When the group got to the level of about 1,600 signatures, Swartzendruber said he advised them to gather at least 50 percent more than the 1,390 needed.

“Now, I don’t want to be one of the ‘woulda, coulda, shoulda’ brothers,” he said. But “in this case, it would really have been good to have (double),” Swartzendruber said.

Swartzendruber, who is known for his involvement with local political causes, said he acted as an adviser to the opponents of the ordinance but wasn’t involved from the outset.

“There will be somebody grumbling about ‘They didn’t want it to pass and they made damn sure it wouldn’t.’ I don’t want any part of that attitude,” Swartzendruber said.

“It’s kind of sad, in a way, but everybody has their own pitch. No matter what anyone says to the contrary, they’re going to say and think they got ’spooned.’ I’m not in that camp. Don and his staff did a meticulous job.”

Swartzendruber said that since it wasn’t his project to begin with, he wasn’t as “motivated to be meticulous.”

“I will admit, I didn’t go through the (petitions) page by page. I thought, though, if they had 700 more than needed, it would take care of any potential flaws,” he said.

Some ban opponents have expressed their desire to keep circulating petitions for repeal of the ordinance as often as every six months, if need be, until they reach the number of signatures necessary or city commissioners repeal the ordinance, Swartzendruber said.

But they should consider the staff time and its cost to the county, he said. He estimated that with 150 hours invested in verifying the signatures, the cost could reach as high as several thousand dollars.

We may do it again

Owens said their team will have to figure out their next step. If a new petition is required, “then that’s what we’ll have to do.”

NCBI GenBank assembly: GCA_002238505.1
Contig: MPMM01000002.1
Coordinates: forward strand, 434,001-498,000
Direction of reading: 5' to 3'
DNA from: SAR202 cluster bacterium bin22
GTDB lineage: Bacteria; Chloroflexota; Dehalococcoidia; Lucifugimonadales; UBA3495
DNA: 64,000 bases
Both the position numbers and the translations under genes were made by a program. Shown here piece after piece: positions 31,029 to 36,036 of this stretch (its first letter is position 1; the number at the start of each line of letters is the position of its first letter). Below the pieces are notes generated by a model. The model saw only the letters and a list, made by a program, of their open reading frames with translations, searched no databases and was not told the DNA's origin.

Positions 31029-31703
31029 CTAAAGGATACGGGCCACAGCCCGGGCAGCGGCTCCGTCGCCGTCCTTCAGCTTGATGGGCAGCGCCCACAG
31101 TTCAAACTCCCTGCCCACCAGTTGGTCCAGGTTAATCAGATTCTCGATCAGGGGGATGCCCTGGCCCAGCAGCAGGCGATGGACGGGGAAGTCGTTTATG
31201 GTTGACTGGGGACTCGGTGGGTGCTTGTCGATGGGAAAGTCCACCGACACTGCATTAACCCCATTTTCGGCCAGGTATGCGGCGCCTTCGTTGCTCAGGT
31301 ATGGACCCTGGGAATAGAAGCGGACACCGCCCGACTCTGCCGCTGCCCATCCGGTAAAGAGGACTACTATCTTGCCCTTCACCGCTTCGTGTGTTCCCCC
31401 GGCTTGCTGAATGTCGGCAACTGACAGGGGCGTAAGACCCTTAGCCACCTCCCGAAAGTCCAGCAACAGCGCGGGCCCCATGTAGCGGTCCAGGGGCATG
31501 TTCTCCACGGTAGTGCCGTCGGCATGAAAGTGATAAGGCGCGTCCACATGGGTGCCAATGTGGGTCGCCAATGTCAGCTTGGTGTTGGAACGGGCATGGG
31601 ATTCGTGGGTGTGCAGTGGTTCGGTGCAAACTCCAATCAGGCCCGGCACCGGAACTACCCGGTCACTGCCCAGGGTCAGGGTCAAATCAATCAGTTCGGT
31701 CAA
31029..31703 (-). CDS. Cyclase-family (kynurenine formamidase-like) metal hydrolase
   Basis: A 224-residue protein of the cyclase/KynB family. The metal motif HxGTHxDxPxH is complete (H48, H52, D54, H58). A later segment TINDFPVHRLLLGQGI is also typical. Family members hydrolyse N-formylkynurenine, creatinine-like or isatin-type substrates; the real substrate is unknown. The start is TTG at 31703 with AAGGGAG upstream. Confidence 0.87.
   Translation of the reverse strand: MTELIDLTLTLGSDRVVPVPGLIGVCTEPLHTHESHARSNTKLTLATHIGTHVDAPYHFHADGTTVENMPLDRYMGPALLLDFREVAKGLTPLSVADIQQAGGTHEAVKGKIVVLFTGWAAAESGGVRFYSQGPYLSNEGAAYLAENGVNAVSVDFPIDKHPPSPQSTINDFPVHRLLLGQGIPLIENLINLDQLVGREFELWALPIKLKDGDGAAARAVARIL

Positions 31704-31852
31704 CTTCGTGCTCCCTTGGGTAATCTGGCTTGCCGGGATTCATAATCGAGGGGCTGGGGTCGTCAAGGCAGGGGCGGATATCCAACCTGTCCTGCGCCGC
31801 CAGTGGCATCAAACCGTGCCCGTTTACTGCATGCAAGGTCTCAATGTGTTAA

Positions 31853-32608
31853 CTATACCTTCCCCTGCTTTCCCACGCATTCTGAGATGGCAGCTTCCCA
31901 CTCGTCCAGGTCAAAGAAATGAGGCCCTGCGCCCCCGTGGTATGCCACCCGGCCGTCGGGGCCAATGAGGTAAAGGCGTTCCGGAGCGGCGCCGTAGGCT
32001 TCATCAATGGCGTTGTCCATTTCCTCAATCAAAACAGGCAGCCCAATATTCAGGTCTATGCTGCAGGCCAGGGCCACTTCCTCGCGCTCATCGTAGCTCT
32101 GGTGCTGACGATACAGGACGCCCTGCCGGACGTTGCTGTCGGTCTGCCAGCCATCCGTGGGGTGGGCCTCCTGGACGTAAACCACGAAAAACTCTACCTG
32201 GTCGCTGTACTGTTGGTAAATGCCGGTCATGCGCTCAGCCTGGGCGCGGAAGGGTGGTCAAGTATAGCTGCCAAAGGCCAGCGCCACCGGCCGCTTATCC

James O’Shea, 2314 Hillside, a smoking ban opponent who has spoken several times publicly to the commission, said he’s ready to give a petition another try.

“You get knocked down, you start over again,” he said.

Tracy Hawk, owner of Hawk Vending and Maggie Mae’s bar, 409 S. Broadway, said he supports another petition, because Salina citizens should have a vote on the issue, rather than depending on commissioners.

“They’re deciding on what happens not only to 50,000 citizens, but the additional travelers and such that we have come through Salina,” Hawk said.

It’s good for Salina

Del Myers, health educator with the Salina-Saline County Health Department and a member of the Tobacco Prevention Coalition, said the time it takes organizers to circulate another petition and gather signatures will be of benefit to Salina.

“It will take time, and by then, people should perhaps have a better handle on how this (ordinance) works for the community,” Myers said. “And hopefully not have to spend $20,000 for a special election.”

Commissioners reached Wednesday for comment on the petition’s failure expressed mixed feelings.

“On one hand, I would have liked for the signatures to have been validated so we just could move on with it,” Vice-Mayor Aaron Peck said. “I’m afraid this only drags out the process.

“I hope that … they don’t try to force it back to the commission. As far as I’m concerned, the city commission is done with the issue. I’m personally done talking about it and I just want it be over,” Peck said.

Other issues to consider

Mayor Luci Larson had similar feelings. She said if petitioners are passionate enough about the effort, they’re welcome to again solicit signatures.

“Personally, we have got so many other things to talk about that are coming up within the next six weeks — including the budget — that take precedence,” she said. “I do not want to spend any more time on this. We have got to move forward.”

Said Commissioner Tom Arpke: “I don’t like smoking, but on the other hand, I think it’s unfortunate that we have such strict rules for the long-time business owners that have had smoking in their establishment in the past.

“Someone 18 years and older should be able to decide if they want to go there or not. I wouldn’t be surprised if (the opposition) mounted another petition drive.”
© Copyright: Salina